In his "New Year Letter," W.H. Auden famously (and, contrary to popular belief, not disparagingly) called Rilke "The Santa Claus of lonleliness." He made another reference to Rilke in "Twenty-third Sonnet" (In Time of War):

"Let us remember all who seemed deserted. / Tonight in China let me think of one, // Who through ten years of silence worked and waited, / Until in Muzot all his powers spoke, / And everything was given once for all: // And with the gratitude of the Completed / He went out in the winter night to stroke / That little tower like a great animal."

(The following Auden quote, by the by, would serve as a very apt epigraph to Lost Son: "Art is our chief means of breaking bread with the dead.")

Rilke is the subject of an essay by J.M. Coetzee in Coetzee's book Stranger Shores.

A character reads Letters to a Young Poet in the first chapter of Chris Abani's novel, Graceland.

The first full English translation of Rilke's famous correspondence with Lou Andreas-Salomé was published by W.W. Norton last year. It is noted here in The New Yorker.

And the following Rilke connections from Wikipedia:

Rilke has been celebrated in Thomas Pynchon's Gravity's Rainbow and William Gaddis' voluminous novel The Recognitions, and is referred to in Julia Alvarez's novel How the García Girls Lost Their Accents.

J.D. Salinger alludes to Rilke in various works, including Franny and Zooey.

Douglas Coupland quotes Rilke's Letters To A Young Poet in Generation X: Tales for an Accelerated Culture.

A Rilke translation inspired Lost in Translation, a celebrated 1974 poem by James Merrill.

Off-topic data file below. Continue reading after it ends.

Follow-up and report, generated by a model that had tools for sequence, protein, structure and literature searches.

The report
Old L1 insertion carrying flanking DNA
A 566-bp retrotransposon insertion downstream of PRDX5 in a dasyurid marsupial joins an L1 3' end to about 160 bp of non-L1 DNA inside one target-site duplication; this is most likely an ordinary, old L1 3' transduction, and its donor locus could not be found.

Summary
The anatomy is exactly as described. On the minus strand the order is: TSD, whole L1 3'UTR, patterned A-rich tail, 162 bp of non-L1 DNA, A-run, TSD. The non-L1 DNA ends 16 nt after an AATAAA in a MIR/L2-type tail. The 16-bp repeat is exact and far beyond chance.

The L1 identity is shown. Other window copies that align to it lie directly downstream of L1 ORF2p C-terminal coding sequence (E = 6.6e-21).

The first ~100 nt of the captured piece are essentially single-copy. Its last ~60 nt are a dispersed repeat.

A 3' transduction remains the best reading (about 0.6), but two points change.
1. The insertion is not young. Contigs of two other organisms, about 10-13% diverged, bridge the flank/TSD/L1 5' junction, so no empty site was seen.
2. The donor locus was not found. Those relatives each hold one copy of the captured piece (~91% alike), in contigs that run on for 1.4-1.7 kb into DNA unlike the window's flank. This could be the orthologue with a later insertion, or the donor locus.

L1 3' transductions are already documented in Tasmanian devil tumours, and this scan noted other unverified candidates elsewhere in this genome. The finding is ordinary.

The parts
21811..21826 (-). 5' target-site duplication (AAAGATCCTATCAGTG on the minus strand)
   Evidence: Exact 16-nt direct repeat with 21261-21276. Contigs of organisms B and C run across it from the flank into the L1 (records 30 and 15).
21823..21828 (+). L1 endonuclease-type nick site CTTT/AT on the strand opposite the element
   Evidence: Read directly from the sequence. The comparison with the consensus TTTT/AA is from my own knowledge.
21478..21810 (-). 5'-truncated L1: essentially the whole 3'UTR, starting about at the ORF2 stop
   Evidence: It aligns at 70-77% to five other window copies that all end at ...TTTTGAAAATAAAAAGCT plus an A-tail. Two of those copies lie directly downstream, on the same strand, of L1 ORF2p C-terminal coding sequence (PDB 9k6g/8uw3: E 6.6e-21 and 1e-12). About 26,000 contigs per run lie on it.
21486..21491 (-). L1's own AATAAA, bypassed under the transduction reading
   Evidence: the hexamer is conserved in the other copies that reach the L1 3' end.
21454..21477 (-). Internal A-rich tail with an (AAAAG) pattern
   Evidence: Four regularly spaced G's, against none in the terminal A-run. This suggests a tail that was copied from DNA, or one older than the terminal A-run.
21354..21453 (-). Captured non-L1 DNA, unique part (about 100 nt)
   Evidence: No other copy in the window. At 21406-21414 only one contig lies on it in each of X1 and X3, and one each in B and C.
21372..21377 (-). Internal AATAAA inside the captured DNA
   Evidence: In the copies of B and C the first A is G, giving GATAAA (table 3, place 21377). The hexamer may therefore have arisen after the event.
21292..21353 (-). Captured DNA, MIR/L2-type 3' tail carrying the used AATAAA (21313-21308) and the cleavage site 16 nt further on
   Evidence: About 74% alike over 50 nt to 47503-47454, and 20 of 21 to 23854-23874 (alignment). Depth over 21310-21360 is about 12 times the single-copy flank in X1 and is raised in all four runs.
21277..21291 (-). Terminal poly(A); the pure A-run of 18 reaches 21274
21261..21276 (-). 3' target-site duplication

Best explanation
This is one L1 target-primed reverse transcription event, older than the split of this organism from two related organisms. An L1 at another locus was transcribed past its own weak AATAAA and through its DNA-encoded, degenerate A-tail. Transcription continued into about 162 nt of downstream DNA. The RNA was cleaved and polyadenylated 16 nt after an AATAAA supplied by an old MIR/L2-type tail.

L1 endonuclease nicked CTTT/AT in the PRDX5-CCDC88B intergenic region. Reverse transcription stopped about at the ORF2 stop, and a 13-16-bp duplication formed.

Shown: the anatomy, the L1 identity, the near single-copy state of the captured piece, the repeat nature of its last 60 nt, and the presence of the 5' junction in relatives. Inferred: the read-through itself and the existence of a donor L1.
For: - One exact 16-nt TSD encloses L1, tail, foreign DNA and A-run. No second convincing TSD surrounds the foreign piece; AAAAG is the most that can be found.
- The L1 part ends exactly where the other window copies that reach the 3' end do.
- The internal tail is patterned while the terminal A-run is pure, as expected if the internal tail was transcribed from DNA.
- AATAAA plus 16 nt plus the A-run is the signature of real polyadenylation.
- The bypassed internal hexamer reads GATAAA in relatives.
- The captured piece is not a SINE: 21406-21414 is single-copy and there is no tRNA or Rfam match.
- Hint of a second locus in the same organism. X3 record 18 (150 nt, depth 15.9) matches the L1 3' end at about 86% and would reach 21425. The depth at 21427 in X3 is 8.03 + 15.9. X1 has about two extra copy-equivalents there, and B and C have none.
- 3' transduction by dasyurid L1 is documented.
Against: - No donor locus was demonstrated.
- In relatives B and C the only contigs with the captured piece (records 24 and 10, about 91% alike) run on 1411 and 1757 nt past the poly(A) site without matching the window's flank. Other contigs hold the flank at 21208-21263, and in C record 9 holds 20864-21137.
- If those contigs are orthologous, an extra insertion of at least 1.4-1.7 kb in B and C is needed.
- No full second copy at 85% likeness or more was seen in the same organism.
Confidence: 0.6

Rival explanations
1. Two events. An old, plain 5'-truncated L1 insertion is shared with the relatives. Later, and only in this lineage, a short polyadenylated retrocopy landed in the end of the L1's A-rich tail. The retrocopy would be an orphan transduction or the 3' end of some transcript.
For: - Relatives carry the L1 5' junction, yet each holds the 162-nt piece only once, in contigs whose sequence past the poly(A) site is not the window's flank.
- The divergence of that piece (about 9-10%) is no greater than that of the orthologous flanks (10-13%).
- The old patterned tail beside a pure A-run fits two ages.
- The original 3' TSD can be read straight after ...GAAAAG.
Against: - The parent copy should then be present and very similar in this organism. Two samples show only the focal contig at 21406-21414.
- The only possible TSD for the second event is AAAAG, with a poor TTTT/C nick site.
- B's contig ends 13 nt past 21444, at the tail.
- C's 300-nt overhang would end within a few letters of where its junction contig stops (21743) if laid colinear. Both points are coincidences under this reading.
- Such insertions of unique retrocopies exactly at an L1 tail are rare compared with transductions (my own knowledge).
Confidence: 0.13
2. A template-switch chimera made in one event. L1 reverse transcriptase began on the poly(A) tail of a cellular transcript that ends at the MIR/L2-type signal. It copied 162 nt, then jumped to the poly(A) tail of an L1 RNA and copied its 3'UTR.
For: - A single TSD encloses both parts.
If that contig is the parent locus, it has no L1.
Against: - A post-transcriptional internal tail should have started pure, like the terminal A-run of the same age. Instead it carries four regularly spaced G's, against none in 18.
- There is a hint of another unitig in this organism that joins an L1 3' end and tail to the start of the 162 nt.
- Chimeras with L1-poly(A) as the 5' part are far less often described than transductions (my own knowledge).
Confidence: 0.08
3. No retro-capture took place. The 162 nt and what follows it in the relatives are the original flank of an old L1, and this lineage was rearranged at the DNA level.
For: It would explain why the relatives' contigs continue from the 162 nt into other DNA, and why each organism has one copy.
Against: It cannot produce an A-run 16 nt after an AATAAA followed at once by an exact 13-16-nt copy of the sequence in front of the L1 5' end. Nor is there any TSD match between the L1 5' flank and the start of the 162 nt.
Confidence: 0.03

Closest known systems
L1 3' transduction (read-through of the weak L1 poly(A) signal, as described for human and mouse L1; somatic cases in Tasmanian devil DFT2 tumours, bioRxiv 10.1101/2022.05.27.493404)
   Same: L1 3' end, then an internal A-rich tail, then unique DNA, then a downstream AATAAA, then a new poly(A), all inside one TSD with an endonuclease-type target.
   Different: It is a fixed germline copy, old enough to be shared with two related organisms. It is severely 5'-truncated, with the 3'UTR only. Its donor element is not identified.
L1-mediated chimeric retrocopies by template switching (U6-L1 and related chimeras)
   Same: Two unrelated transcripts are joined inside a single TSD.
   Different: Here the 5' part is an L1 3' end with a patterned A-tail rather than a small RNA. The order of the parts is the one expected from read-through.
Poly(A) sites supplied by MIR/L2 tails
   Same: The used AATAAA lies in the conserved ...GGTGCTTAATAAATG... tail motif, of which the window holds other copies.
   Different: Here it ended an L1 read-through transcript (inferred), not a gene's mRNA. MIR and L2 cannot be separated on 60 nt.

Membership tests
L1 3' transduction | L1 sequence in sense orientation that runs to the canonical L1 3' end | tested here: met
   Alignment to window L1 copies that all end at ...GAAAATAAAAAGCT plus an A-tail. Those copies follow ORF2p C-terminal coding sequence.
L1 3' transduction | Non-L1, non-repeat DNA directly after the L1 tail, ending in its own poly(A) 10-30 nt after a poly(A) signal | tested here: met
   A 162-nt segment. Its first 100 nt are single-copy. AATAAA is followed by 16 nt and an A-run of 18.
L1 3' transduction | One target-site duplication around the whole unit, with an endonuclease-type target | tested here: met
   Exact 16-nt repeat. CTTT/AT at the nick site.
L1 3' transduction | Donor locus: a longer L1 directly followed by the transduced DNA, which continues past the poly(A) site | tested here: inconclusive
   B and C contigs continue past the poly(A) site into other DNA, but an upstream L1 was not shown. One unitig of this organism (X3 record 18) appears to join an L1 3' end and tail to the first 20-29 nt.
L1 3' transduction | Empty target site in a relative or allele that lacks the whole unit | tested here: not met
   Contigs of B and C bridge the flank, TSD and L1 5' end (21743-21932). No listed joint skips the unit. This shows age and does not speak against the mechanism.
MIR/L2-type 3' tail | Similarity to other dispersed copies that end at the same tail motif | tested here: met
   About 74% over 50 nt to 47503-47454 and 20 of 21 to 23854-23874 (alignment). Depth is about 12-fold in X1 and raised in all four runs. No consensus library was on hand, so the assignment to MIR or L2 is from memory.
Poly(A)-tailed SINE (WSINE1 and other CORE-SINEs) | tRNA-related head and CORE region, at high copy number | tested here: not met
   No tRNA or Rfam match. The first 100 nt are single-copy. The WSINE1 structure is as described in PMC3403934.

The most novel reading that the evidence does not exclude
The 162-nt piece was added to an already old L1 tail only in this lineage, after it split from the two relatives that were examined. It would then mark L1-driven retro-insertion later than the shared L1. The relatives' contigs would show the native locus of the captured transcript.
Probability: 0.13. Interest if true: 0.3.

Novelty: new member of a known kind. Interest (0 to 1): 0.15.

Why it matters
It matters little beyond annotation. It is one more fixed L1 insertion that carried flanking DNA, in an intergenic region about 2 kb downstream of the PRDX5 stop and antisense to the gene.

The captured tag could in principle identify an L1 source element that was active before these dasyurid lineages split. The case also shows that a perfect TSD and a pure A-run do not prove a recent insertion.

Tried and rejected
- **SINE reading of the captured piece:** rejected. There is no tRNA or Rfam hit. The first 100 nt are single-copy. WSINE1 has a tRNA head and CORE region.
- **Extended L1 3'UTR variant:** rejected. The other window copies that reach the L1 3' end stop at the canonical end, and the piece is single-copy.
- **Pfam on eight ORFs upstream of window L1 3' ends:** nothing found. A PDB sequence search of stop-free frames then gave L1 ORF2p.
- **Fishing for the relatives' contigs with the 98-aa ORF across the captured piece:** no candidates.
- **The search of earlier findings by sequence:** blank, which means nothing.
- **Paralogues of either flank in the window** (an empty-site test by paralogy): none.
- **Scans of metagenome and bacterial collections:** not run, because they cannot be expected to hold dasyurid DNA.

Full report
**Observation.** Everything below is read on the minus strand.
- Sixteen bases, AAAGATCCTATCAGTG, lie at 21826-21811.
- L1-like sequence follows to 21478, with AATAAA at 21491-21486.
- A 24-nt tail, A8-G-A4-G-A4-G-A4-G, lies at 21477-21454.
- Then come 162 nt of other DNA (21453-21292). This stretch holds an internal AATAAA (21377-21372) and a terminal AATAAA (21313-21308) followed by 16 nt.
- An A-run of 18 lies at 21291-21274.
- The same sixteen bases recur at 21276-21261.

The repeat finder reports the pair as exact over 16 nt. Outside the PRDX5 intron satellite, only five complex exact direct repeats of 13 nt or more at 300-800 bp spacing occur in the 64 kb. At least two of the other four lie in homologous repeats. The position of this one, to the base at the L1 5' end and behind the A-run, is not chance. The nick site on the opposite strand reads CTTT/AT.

Rilke is mentioned in Tennessee William's "The Two-Character Play."
German philosopher Martin Heidegger cites Rilke as an example of the highest form of thinker in his essay "What Are Poets For?" The essay's theme is largely explored through the examination of an "improvised verse" (short poem) Rilke wrote in 1924. Heidegger, sometimes considered the most influential German thinker of the 20th century, ranks Rilke in the German poetic tradition as second only to Holderlin.

Erie Chapman cites Rilke frequently in his essays on caregiving.

In the world of film:

Rilke's poem "The Panther" is quoted in the 1990 film Awakenings (starring Robert DeNiro and based on the 1973 book by neurologist and author Oliver Sacks), expressing the emotional undertone of the story.

In the 1993 movie Sister Act 2: Back in the Habit, actress Whoopi Goldberg refers to Rilke's Letters to a Young Poet. That work is also a topic of conversation between several characters in the 2002 movie Igby Goes Down.

Rilke is quoted in Kissing Jessica Stein by a woman looking for a woman in a personal ad. This quote is what moves the main character, Jessica, to answer the ad, despite her presumed heterosexuality.

Rilke's poem "Archaic Torso of Apollo" is quoted by Miriam, played by Gena Rowlands, in Woody Allen's 1998 film Another Woman. Additionally, "Rain," the Juliette Lewis character in "Husbands and Wives" is named after Rilke.

Rilke's poem "You Who Never Arrived" is quoted by Faith, played by Marisa Tomei, in Norman Jewison's 1994 film Only You.
"For the sake of a single poem," an animated short by Shamik Majumdar, a contemporary Indian Animation Film Designer, is based on an excerpt from Rilke's book, The Notebooks of Malte Laurids Brigge.

In the world of music:

The indie rock band Rainer Maria takes its name from Rilke, and at least some of their merchandise bears the poet's image.

The Cocteau Twins song "Rilkean Heart", on the 1996 album Milk and Kisses, is an homage to Jeff Buckley who was a life long lover of Rilke's work.

The Russian composer Dmitri Shostakovich set several of Rilke's poems to music in his Symphony No. 14.
The American contemporary composer Morten Lauridsen set Rilke's poem "Les Chansons des Roses" to music.
Pianist Brad Mehldau and vocalist Renee Fleming released an album in which some of the songs are set to Rilke's poems in 2006.

In the world of the church:

Rilke's poem "You, Neighbour God" (from “The Book of Hours”) is included in the most commonly used edition of Liturgy of the hours.

Rilke's poetry is often referenced in the writings of contemporary spiritual teachers such as Jack Kornfield and Stephen Levine.